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What Should Democrats Do Now?

In this week’s politics chat, we assess Democrats’ options after Hillary Clinton’s loss in the presidential election. The transcript below has been lightly edited.

micah (Micah Cohen, politics editor): Welcome Harry and Clare to our first post-election politics chat! Our dear chat-mate Nate Silver is on a plane right now, so we’re doing this without him. (You both should be 30 percent more media-bashing than you normally would so people don’t miss Nate.)

But here’s our question for today: What the heck should Democrats do now?

clare.malone (Clare Malone, senior political writer): Eat gallons of ice cream and cry.

micah: They hold very little power at any level of government. Here’s the RealClearPolitics election index, which measures the strength of the two parties by looking at the vote for the president, the U.S. Senate and the U.S. House, as well as gubernatorial and state legislative elections:


Republican power has been creeping up all during the Obama administration.

harry (Harry Enten, senior political writer): Democrats have a problem up and down the ballot.

micah: They’re in the worst position they’ve been in since 1928:


harry: But that index also shows that power tends to swing back and forth. What happens this year is not predictive of what will happen next year.

clare.malone: I think Democrats are going to have to think about what issues they can get things done on with President-elect Donald Trump (they’re reportedly doing just that). They’re in the midst of battling him on what they see as a moral issue, like over the appointment of Stephen Bannon as his chief strategist — given that Bannon ran an alt-right publication that trafficked in white nationalist messaging. But then people like Democratic Sen. Sherrod Brown of Ohio, who’s hated NAFTA for years and years and years, has already reached out to Trump’s trade people.

So the Democrats are kinda begging for scraps here. I think that might be the nature of the next Congress for them.

But, Harry, you don’t think this loss of power lasts until 2018?

harry: One reason Democratic senators might be more open to working with Trump is because it’s difficult to see how they gain back the Senate in 2018. The map looks downright terrible. They have to defend seats in red states such as Indiana, Montana and North Dakota. The only two real pickup opportunities for them at this point are Arizona and Nevada. They, of course, need three seats to take back the Senate (assuming Republicans hold onto Louisiana in the December 2016 runoff). So I’m not sure the Senate will flip back very easily.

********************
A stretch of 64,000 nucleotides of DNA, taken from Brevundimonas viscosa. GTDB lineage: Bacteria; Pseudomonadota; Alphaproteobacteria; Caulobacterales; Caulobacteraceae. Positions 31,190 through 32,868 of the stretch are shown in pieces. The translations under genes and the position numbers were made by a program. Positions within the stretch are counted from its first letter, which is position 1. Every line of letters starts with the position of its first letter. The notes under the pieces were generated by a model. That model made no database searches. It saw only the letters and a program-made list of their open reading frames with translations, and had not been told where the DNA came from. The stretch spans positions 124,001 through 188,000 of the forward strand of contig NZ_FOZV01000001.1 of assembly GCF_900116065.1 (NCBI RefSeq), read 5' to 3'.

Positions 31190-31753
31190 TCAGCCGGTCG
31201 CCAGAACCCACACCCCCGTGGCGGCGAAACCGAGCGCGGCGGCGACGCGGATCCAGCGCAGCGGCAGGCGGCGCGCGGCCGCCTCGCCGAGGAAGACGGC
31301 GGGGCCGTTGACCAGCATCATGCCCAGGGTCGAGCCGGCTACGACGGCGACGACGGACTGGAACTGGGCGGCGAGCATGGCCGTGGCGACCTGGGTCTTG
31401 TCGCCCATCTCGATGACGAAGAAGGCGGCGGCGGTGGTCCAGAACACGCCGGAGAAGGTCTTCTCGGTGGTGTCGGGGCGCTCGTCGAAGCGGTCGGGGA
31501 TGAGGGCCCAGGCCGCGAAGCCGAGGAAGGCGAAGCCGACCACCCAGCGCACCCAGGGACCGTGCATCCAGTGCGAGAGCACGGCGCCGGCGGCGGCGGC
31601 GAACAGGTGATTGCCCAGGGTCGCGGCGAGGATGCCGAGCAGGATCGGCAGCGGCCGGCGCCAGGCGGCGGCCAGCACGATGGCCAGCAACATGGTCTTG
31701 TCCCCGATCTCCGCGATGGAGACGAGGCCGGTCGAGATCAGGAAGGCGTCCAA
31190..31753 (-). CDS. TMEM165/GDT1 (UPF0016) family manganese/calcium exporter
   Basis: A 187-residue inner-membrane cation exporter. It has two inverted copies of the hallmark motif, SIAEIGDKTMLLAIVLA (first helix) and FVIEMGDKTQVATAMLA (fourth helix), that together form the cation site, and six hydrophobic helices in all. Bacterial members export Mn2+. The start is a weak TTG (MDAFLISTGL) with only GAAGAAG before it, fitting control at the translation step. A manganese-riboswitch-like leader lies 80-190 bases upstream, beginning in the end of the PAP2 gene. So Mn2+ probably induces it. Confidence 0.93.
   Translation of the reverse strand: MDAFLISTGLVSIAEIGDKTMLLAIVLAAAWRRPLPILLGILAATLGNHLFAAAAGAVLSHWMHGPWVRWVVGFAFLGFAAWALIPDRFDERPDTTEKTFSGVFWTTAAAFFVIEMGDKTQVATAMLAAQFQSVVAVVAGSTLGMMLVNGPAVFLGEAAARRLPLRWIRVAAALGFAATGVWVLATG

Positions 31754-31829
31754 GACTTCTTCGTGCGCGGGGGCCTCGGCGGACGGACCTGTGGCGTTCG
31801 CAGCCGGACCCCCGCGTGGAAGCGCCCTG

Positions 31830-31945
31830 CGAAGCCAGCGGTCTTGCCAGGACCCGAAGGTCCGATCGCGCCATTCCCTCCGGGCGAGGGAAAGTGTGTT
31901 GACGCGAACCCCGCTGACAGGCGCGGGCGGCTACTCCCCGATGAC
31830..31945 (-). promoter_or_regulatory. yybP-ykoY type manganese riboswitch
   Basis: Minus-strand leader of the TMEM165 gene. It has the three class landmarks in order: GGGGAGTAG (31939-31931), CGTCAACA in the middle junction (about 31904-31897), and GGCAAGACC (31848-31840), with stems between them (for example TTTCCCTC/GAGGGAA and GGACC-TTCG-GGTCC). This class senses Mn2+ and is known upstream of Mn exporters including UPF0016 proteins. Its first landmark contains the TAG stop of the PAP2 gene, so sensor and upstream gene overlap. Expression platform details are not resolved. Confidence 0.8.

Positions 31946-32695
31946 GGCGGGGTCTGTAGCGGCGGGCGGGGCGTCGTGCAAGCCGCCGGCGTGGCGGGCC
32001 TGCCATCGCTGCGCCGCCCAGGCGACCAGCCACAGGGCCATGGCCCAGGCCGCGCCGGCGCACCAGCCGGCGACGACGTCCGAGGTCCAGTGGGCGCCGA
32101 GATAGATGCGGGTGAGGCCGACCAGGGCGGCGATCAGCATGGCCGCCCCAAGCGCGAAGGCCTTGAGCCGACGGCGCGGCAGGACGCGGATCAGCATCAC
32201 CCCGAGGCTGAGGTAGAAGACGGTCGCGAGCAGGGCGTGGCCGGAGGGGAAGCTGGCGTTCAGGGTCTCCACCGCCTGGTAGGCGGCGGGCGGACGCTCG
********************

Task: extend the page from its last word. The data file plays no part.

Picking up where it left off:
That said, someone like New York Mayor Bill de Blasio, for example, may have an easier run for re-election as a result of Trump’s win. Historically speaking, the party in the White House suffers big time in off-year and midterm elections.

clare.malone: I think that’s totally, totally true with de Blasio.

micah: One of the clearest trends in that RCP chart is that a party tends to gain power while it doesn’t hold the White House.

clare.malone: But does that account for it also not holding either chamber of Congress?

micah: I just think the country is in such an anti-Washington/establishment mood, and Trump/Republicans are now the establishment. So I’m not sure Democrats should freak out. The 2016 presidential election very easily could have gone the other way. It was really close … so a total party makeover might not be called for.

clare.malone: Well, OK, during George W. Bush’s first term, when the GOP had the White House, the Senate and the House, Republicans’ power went up and then down at the end (I think we all remember that …).

harry: The Sept. 11 terror attacks played a big role in that.

micah: I guess my point is just that basically every prediction in U.S. history that a party would have lasting political control has been wrong.

harry: This is a closely divided country. This election was not a blowout. Democrats nearly won the Senate and very nearly won the presidency. Even after being elected, Trump still has a terrible favorable rating.

micah: So maybe Democrats just need a fresh haircut and not a total makeover.